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About the Story
A light dungeon crawl. Tap spell gems to defeat monsters!
|Average Rating: |
Number of Reviews: 4
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The Vambrace of Destiny is a dungeon crawler adventure, with limited commands and filled with puzzles. You must go through the different levels of the dungeon, fight monsters, discover treasures, and gather all the spells.
I did not reach the ending. The current review only account for what was played.
Until I reached the second level and was essentially stuck, banging my head against the wall because I could not solve the puzzles, TVoD was quite an enjoyable light parser (especially for a parser-adverse/noob like me). It has limited commands, which are essentially shortcuts; a visible map on the screen (at least in the play online version), which showed where you are and what rooms you discovered, and reasonable logical puzzles (even the one I got stuck on...), and hints (external document).
The logic of the game is relatively simple: explore the dungeon, find a monster but can't fight it, explore some more, find a spell, fight the monster with the spell, go to the next bit. As you advance further, the puzzles require extra steps to be solved, often with combinations of actions or "passing a turn". Even if some puzzles required retracing your steps to unlock further parts, they were quite enjoyable to solve!
I still spent enough time faffing about, pressing the wrong direction on the screen, or forgetting to press a certain command, or just not getting the puzzle, that the clock ran out before I could reach the end. Starting level 2, the puzzles leave the beginner level... I think I managed to visit 1/3 to 1/2 of the rooms of level 2 before I gave up.
Still, I had quite a bit of fun, and breaking through the blocks on the path, defeating the monsters, and finding the treasures, were pretty satisfying! Level 1 is a hoot!
I really appreciated the simple commands (the investigrab especially!) and how merciful the game was (you might not manage to solve a puzzle or finish the game, but you won't die).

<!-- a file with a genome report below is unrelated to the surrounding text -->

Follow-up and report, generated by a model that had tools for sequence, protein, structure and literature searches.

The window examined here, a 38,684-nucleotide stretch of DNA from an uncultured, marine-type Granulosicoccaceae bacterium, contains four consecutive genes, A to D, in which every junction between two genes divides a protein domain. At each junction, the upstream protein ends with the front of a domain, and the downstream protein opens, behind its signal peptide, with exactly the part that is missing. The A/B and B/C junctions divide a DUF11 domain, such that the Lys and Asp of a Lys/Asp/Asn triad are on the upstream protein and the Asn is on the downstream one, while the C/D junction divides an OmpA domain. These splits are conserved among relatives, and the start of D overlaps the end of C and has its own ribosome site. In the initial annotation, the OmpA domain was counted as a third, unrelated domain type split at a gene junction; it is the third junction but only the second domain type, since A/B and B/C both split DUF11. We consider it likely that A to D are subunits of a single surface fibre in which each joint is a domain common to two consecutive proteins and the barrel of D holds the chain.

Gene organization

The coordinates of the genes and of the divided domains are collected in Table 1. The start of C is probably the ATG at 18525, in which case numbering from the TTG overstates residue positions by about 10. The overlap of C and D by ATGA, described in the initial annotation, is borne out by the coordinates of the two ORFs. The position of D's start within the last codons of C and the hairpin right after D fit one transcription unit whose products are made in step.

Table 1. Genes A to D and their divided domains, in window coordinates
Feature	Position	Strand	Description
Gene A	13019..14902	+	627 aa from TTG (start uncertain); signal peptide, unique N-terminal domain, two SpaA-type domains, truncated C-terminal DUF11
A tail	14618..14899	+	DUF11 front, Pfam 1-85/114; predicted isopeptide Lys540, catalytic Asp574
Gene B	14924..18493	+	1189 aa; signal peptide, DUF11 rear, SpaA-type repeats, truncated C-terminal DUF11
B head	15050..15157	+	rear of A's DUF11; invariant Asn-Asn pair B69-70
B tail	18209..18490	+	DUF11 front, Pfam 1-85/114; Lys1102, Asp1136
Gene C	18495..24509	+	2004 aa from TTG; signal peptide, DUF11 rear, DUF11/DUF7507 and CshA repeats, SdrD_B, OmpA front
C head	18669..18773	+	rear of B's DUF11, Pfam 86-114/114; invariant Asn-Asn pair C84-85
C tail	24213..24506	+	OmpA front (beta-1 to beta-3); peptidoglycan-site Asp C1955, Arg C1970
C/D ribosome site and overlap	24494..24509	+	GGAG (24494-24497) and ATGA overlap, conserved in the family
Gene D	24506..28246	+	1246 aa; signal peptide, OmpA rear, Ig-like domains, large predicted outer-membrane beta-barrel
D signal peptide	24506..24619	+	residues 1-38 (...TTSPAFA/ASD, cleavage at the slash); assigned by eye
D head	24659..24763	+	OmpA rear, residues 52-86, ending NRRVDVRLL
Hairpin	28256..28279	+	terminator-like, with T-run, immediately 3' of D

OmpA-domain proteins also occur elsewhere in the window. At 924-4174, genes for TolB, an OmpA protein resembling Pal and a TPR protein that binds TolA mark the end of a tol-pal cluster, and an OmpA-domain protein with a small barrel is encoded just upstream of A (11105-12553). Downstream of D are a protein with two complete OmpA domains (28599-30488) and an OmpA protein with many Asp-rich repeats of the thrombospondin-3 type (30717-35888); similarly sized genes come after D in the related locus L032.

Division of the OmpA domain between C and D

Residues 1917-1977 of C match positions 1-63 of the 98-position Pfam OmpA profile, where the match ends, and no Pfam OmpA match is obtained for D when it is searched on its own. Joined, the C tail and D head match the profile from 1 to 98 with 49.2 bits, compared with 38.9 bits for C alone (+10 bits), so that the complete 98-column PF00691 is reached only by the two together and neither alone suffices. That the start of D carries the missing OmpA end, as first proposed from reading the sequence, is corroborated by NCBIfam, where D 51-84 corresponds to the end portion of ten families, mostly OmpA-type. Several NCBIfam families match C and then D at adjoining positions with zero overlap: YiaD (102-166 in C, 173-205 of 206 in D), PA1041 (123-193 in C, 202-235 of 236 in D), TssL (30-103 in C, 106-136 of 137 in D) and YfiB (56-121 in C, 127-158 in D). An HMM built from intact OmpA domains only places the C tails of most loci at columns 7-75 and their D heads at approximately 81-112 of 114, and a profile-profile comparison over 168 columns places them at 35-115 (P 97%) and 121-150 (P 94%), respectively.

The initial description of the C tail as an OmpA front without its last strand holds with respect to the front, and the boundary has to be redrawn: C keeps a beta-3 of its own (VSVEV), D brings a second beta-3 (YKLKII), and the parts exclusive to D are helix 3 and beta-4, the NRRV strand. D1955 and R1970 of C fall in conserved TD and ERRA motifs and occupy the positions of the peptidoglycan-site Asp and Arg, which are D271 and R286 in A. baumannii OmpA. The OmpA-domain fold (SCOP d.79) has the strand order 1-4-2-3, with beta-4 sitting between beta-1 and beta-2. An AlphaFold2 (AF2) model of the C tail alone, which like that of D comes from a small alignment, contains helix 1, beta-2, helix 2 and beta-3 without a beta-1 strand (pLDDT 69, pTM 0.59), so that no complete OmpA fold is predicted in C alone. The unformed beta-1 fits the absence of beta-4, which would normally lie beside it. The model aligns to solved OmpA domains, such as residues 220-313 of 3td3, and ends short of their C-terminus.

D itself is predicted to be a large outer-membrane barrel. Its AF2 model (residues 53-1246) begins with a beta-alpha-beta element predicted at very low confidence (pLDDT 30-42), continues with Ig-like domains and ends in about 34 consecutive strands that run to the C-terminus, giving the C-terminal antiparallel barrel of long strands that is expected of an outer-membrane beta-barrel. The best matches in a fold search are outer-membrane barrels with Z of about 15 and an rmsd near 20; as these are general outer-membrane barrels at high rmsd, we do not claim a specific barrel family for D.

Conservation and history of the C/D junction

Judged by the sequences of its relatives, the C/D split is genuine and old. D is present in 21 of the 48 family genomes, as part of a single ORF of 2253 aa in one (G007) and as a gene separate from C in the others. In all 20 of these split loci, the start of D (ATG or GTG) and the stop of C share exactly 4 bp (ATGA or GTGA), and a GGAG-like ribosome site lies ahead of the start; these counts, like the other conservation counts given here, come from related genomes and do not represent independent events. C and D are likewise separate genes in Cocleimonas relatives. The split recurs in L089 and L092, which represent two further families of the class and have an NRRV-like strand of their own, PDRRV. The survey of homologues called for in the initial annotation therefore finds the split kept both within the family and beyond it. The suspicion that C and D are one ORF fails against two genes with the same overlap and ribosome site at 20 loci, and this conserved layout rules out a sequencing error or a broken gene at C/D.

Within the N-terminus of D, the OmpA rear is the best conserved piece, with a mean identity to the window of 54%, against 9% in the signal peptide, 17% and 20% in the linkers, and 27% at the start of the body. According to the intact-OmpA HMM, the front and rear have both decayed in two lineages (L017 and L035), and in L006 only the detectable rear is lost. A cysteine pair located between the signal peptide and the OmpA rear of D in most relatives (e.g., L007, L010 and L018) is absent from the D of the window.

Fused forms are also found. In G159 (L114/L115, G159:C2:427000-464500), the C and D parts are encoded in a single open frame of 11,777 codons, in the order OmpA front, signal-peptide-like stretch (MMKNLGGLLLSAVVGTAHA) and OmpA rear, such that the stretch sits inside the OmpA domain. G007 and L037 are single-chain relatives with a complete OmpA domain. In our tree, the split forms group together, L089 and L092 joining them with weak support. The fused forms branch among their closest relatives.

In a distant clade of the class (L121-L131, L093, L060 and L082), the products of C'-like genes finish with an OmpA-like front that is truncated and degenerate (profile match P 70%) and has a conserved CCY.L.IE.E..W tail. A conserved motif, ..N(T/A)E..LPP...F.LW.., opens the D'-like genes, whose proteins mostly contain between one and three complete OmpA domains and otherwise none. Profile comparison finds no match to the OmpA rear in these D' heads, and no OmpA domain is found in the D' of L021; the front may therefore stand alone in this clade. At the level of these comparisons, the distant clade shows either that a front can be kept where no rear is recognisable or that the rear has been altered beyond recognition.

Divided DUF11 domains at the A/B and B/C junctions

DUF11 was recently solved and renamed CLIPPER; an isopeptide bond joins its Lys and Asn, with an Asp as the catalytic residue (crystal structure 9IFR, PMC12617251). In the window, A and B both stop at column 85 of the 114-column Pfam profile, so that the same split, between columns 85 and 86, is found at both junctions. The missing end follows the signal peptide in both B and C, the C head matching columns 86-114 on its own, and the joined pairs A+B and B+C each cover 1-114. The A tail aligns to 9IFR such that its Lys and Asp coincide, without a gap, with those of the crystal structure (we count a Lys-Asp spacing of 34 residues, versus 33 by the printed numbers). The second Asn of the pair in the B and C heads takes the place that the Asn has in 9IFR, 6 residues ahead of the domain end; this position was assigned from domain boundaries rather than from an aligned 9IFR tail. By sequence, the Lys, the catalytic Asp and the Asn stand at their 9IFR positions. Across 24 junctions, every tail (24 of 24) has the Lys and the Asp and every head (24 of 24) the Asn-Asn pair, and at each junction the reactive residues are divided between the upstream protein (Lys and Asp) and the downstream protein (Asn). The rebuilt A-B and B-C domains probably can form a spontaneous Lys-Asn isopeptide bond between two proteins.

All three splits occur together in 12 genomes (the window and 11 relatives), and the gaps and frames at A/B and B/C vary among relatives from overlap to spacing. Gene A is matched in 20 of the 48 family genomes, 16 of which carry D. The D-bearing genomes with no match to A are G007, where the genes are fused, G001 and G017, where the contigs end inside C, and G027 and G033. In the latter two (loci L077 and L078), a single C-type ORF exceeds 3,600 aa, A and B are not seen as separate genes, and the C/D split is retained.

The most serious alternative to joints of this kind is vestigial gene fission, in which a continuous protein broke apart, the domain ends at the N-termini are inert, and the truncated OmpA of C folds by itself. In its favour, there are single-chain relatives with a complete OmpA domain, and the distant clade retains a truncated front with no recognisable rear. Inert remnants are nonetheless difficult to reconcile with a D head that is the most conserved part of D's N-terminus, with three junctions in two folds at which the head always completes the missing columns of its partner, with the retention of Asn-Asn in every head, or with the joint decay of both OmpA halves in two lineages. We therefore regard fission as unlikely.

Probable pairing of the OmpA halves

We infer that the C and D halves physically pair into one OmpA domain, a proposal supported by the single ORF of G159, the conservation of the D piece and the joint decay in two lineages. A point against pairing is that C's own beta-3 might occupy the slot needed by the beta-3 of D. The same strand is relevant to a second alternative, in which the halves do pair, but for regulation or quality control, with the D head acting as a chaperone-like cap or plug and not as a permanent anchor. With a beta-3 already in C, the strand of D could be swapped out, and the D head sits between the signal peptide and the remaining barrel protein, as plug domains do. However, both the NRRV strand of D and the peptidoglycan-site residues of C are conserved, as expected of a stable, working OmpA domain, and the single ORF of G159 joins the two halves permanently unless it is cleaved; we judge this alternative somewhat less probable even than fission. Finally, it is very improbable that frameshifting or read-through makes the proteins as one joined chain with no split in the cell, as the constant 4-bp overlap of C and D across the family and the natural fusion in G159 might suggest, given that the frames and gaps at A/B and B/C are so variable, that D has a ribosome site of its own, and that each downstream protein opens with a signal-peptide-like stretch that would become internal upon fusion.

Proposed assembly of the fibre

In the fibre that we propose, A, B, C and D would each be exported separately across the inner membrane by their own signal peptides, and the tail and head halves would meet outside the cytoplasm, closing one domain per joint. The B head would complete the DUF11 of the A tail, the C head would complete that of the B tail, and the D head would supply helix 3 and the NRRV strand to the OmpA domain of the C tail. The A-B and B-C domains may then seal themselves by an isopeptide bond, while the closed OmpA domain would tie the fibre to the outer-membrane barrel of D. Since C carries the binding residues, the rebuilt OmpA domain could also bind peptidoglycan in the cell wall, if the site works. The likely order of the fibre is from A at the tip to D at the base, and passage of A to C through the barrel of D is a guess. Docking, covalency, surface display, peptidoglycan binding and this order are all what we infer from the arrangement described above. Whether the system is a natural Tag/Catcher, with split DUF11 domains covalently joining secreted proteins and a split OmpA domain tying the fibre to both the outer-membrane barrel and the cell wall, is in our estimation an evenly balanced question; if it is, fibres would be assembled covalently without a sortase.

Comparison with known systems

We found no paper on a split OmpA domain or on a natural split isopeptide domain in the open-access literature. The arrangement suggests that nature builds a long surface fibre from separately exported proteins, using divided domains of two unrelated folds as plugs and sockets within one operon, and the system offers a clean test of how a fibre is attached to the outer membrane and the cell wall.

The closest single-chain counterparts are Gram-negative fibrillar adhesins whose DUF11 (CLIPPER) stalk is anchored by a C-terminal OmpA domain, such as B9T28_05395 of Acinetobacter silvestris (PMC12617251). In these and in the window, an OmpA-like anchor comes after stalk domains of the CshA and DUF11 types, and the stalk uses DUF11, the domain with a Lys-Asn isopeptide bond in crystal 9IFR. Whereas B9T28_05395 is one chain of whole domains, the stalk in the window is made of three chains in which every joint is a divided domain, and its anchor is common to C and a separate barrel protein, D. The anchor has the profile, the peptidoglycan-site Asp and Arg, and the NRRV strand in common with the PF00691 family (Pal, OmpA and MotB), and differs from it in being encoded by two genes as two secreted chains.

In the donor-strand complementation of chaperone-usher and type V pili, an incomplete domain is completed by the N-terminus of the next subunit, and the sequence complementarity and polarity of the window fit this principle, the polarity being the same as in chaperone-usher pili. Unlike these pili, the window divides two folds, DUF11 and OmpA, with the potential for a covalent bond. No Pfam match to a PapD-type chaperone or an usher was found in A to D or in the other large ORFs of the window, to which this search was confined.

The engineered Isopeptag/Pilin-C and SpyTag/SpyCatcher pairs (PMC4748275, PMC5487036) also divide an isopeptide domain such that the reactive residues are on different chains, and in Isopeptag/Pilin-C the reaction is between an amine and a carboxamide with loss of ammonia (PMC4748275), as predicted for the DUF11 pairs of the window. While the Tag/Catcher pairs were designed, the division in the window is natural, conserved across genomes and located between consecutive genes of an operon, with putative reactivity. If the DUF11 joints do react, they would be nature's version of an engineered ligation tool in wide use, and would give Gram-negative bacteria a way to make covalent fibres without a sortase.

I want to revisit this game down the line (aka when a walkthrough drop - the hints are not enough for a noob), because I really want to reach the end.
[Originally played on 1-Oct during the IFComp]
This game by Arthur DiBianca has you exploring a multi-layered dungeon while collecting glowing gems of mysterious power (which are attached to the titular Vambrace).
Its big innovation is that there is no need to hit enter; one key is one action. This isnít the very first game Iíve seen do this (there was a game in this yearís Parsercomp with the same concept), but I think the execution is great here. I feel like care was made to make the commands easier to remember, and I like the gradual reveal of more and more powers/keys.
Making a game like this takes a lot of talent and skill. I recently tried adding a Ďlimited commandí section in my own game, specifically emulating Arthur DiBianca, and it was by far the hardest part to code: coming up with interesting puzzles, doing a lot of timing and such. Itís quite hard.
But it comes off great here. Most of the puzzles involve defeating foes or traps in a multi-layer dungeon, and my favorite type of puzzles in the game is where you come across a foe or trap and think, ĎI know exactly what I need to solve this, but I donít have the capability.í Then later, you get a new power, and you can run back to the earlier area and solve it.
This author has a lot of good games, but Iíd put this in the top third or fourth of all his games.
The Vambrace of Destiny is a parser-based IF by Arthur DiBianca, published for IFComp 2023. The game is a dungeon crawler with a very streamlined execution. The writing and world building are both fairly minimal, and the normal Inform 7 interface has also been heavily modified to only accept single-button input, which makes the gameplay feel remarkably fast-paced and smooth.
The game is technically very impressive. Once you get used to how the game works, playing it feels like a breeze. Although the limited input scheme is quite unusual, I could see it working for a number of other kind of games on Inform 7 too. There's also a map screen that becomes updated as you keep exploring the game world, which makes moment-to-moment gameplay feel even cleaner.
One drawback of all this streamlining is that it really highlights the old school, essentially fetch quest-like and quite repetitive nature of the adventure itself. There are some fairly intricate puzzles which require you to do things in a certain order, or with certain timing, to mix things up. Still, with the minimal storytelling and minimal interface, I found myself slightly demotivated to continue after a point. I think you might have to love old school dungeon crawling just for the sake of it to get the most out of this title.
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